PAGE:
N50bn tax case gets messy as RIRS initiates contempt proceedings with jail risk against NDDC top 4

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The N50bn tax case between the Rivers State Internal Revenue Service (RIRS) and the Niger Delta Development Commission (NDDC) seems to have got messy as contempt proceedings have begun in Port Harcourt to commit top members of the interventionist agency to jail for contempt of court.

The NDDC was accused of unsealing its premises without court order whereas the sealing was done with court order over N50bn tax demand. The initiation of contempt proceedings confirmed to BusinessDay by the RIRS executive chairman, Adoage Norteh, is part of Suit No. OHC23//2019: RSBIR vs NDDC, Prof. Nelson Brambaita, acting managing director, Chris Amadi (acting executive director finance and administration), Adjogbe Samuel (acting executive director project), and Kaltungo Moljengo, director of legal services.

Contempt breaches do not carry fine but jail sentences. This may become an issue in a case between a PDP state and the APC-controlled federal agency. There is already feisty relationship between the Rivers State government and the NDDC, but the executive chairman has always appealed to observers to divorce the tax matter from politics.

Details available to BusinessDay indicated that following an application by the Rivers State Board of Internal Revenue (RSBIR), the High Court of Rivers State has granted the service of Form 49, order of committal on Brambaifa, the Ag MD; Chris Amadi (acting executive  director, finance and administration); Adjogbe Samuel (acting executive director, project); and Kaltungo Moljengo (director, legal service), all of NDDC by substituted service over alleged disobedience of the order of the court.

According to the affidavit filed by RSBIR earlier, Form 48, notice of consequence of disobedience of order of the court had been served on the Acting MD and the other three officials of NDDC and the events that gave rise to the contempt proceeding are as … Read More...

Rivers sets July 1 rollout date for informal tax drive

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Rivers State Internal Revenue Service (RIRS) has set July 1, 2019 as a final plan and rollout date for the rollout of the state’s much-talked about informal sector tax drive. The state has also completed tax delineation of the state into tax zones.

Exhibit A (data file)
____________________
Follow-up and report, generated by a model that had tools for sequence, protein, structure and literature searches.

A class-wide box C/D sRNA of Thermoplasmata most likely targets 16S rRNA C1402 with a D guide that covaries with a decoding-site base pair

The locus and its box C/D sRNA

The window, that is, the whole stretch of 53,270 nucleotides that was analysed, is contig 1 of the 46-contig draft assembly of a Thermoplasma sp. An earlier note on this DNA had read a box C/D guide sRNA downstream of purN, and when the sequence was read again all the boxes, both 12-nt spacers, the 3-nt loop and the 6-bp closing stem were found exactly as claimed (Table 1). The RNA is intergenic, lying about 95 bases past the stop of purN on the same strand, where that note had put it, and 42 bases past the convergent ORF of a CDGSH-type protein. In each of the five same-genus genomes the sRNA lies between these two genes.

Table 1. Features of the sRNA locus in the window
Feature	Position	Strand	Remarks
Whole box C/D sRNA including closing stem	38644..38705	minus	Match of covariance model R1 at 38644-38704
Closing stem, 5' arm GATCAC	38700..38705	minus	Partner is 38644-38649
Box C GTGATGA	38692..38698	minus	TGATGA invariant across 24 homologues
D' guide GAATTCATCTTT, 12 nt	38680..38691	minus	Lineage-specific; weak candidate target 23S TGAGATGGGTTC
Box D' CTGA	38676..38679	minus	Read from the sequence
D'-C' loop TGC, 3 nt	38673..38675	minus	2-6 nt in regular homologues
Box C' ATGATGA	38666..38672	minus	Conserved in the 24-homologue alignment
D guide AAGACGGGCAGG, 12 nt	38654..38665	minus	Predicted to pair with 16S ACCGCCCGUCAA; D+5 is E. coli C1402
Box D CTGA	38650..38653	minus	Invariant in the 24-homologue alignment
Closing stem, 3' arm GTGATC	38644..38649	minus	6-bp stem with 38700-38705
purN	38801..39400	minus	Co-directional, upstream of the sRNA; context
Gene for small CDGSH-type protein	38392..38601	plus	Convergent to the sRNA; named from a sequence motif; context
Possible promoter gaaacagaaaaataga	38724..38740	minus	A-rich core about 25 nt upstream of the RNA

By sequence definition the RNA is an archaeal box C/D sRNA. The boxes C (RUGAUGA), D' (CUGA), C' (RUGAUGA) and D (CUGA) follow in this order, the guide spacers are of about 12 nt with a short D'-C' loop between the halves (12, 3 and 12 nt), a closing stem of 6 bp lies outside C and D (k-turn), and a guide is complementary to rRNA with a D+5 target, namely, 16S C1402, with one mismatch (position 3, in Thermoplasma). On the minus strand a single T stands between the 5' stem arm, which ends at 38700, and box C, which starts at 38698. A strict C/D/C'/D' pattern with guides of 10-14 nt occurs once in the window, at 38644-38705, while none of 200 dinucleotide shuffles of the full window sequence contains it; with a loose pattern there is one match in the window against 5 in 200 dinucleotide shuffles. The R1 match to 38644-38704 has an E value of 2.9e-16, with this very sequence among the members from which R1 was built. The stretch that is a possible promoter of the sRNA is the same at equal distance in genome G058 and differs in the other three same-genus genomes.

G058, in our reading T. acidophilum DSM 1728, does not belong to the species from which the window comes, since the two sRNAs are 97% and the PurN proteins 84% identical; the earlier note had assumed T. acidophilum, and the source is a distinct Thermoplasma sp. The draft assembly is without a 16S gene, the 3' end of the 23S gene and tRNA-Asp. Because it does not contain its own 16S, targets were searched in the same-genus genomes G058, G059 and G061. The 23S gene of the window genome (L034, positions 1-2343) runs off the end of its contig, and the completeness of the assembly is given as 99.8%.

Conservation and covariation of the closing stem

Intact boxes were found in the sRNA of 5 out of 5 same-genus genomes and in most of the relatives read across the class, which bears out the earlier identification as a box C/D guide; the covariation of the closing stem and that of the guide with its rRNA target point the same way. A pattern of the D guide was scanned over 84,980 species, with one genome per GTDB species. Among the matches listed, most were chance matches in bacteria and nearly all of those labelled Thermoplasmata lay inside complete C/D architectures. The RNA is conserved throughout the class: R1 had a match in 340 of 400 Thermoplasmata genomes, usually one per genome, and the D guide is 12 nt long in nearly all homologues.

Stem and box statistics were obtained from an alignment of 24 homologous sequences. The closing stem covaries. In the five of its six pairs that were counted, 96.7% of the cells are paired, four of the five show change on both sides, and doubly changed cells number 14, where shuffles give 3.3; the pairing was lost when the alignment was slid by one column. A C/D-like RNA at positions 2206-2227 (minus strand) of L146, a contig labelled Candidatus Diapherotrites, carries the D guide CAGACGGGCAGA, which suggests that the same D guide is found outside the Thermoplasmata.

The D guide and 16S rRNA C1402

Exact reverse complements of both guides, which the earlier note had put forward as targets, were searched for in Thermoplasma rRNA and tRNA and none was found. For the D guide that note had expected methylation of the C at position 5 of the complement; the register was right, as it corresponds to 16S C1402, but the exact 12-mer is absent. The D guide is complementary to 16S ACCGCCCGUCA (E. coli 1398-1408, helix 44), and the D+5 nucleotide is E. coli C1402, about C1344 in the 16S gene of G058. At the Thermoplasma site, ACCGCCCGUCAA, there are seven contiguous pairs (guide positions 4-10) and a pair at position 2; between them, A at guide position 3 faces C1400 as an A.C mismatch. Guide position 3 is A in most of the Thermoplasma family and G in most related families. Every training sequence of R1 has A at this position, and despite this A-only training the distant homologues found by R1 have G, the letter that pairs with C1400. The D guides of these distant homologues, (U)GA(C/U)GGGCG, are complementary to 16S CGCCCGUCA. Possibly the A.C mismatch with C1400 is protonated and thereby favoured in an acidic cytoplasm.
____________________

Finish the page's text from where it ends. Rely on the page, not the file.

The executive chairman of the RIRS, Adoage Norteh, who broke the news weekend at a full meeting with stakeholders at the Hotel Presidential, Port Harcourt, said the Nyesom Wike administration had made it clear in launching the tax drive in the informal sector. The executive chairman said he was determined to make Rivers State move into informal tax regime without violence and chaos.

He announced the formation of a committee to join the RIRS and review the policy and make suggestions.

Speaking at the meeting, Norteh told the over 300 tax group leaders that the market and business unions would help to make the drive seamless and without rancour. He said the members would represent the opinions of the informal business people and may help in collection by submitting list of their members.

He announced that the union leaders might get some commission for their effort instead of giving the money to tax consultants.

He however made it clear that the RIRS would not concede the task of tax assessment and collection to touts or untrained groups. He asked for collaboration instead.

The RIRS at the meeting forged an alliance with trade groups to fight touts. Norteh said he was determined to reduce or eliminate revenue touting in the state. He marvelled at the lamentations of groups who recounted encounters with touts that had since printed RIRS receipts and collected money in the name of the government using youth bodies, councillors and others.

He educated them once again on critical issues that … Read More...